long way. Ellipticists seek the authority of the rebellious; they want to challenge
their readers, violate decorum, surprise or explode assumptions about
what belongs in a poem, or what matters in life, and to do so while meeting
traditional lyric goals.         
 
Much of this, if taken as a manifesto of sorts, makes claims that have become familiar as aesthetic styles have come, gone, and then returned to fashion; “authority of the rebellious,” the violation of decorum, and the questioning of what does or does not belongs in a poem are all as easily applied to Walt Whitman, say, as they are to Jorie Graham. And the idea of less being more, of course, has been articulated by architects and artists before and after Ezra Pound. There are things, as well, that Burt claims about elliptical poetry that are certainly debatable.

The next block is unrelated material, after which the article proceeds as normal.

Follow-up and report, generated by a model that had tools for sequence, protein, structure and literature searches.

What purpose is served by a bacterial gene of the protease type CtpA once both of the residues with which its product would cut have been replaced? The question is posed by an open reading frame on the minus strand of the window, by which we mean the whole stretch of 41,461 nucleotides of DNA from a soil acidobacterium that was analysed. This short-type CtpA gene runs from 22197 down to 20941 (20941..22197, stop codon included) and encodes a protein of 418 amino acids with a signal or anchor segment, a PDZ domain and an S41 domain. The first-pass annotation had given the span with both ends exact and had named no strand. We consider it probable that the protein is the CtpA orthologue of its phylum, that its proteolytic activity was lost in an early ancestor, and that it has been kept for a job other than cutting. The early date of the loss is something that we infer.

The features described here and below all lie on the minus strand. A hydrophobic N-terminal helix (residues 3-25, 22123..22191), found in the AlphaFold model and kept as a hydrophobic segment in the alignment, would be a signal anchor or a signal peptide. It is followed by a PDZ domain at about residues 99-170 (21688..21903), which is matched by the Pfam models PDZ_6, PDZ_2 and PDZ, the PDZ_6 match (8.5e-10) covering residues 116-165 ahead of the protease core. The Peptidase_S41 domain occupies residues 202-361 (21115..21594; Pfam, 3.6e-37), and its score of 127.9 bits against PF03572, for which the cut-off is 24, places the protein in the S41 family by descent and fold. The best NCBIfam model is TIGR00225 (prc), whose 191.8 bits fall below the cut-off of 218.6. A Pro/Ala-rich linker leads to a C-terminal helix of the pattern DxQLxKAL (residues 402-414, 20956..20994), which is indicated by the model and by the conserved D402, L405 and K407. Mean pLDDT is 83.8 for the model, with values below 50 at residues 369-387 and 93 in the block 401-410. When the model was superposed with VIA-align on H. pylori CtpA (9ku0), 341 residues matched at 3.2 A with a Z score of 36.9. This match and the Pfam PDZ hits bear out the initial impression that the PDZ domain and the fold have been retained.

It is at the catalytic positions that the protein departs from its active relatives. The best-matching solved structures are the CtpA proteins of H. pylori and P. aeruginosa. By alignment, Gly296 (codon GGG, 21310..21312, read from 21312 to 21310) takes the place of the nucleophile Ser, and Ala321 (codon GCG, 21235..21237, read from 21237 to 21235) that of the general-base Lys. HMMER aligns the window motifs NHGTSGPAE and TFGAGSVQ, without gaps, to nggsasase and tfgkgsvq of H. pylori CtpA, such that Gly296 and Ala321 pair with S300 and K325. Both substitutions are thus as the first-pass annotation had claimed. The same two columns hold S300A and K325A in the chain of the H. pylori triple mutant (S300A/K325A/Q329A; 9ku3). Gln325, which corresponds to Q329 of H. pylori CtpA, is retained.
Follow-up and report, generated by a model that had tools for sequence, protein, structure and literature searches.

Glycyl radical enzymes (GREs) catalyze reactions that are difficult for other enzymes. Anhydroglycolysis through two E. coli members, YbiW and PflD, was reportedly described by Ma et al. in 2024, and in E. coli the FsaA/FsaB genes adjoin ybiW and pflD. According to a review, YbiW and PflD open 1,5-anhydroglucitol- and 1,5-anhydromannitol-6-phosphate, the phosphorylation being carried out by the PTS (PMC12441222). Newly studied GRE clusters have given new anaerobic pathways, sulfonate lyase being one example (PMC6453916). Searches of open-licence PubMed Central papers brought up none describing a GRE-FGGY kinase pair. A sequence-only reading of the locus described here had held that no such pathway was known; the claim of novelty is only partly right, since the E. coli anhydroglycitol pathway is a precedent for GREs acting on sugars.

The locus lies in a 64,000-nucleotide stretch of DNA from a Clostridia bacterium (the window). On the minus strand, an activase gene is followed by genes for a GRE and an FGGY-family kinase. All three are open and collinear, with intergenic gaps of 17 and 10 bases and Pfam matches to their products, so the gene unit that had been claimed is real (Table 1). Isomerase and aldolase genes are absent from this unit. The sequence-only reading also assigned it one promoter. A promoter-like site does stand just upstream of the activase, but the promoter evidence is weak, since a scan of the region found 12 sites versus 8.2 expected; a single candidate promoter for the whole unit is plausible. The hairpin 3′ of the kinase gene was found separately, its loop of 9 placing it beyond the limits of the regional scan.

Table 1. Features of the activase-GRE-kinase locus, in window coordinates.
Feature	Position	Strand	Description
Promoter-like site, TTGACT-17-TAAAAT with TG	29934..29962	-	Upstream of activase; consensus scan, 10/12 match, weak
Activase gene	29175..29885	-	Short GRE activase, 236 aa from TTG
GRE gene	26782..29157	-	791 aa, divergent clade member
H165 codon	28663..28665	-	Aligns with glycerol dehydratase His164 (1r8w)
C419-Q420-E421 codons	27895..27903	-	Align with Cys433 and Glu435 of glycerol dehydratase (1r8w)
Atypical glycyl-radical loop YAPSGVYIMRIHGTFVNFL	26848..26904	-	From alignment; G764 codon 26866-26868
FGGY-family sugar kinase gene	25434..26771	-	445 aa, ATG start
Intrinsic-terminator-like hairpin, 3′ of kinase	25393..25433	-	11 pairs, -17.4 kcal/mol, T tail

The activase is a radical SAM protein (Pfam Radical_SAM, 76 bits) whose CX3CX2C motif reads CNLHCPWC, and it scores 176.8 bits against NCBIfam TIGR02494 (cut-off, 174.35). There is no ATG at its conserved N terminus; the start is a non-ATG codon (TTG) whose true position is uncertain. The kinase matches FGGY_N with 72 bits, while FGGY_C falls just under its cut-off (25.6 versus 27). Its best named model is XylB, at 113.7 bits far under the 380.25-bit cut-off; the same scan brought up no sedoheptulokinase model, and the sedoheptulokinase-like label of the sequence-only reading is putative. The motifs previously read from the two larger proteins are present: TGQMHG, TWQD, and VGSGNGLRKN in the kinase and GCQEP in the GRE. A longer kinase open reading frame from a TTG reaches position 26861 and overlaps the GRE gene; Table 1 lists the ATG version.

But for now, I’d like to end with a consideration of these three critical voices and their aesthetic concerns, predilections, and preferred choices and see how the tensions created by the conversation might apply to the pursuits an active reader of poetry. Specifically, before one goes on to pay one’s money and take one’s choice as to what sort of poetry to like, write, or champion, what things must we understand? One is the notion, as Burt has already suggested in “The New Thing,” that elliptical poetry, as he has defined it, may already be on its way out as the fashionable style of the moment. As we have discovered, for such aesthetic fashions to pass fully out of style takes more time than one might expect, particularly since many of these poets now hold jobs within the most visible and influential creative writing programs in the country, and most of these poets are forty or less years old and so, presumably, will hold these positions for a long time. As art goes, the elliptical lyric will surely spend its own term as poetry under attack by younger generations of poets who are dead certain that they bring to the table something utterly new and important. Of that much I’m sure, and I’m sure, too, of two claims that Burt makes. First, I agree that “[d]escriptions of poets in terms of schools or regions or deepest beliefs have rarely been less useful than they are now.” Indeed, the variety of poetry generally and, because of the internet, easily available for public consumption has never been vaster. I agree with Burt, also, that, as he asserts at the end of “Close Calls with Nonsense,” that the best of the elliptical poets will be read “for a long time.” The truth of the matter is the same as it ever was, that a vibrant middle, a center that includes the majority of what is published as poetry today, continues to be enriched by the tension inherent in the opposition of the aesthetic poles it lay between. What at first seems somehow threatening or even absurd is quickly absorbed and made “safe,” and what is useful for an individual poet, as a compliment to what he or she might be trying to do at a particular juncture, will be stolen and claimed as his or her own. This is what poetry is, an engagement with the chaotic despite the knowledge that language alone is insufficient. The question, maybe, is this: is the ineffable better articulated, in whatever limited way it can be, by linearity, by narrative (or lyric) poetry that suggests a whole we know to be a fiction, or by a poetry that sees the fictive nature of a suggested whole as somehow offensively authoritarian and so chooses to put the onus of myth-making on an individual reader? Isn’t it great that we have a choice?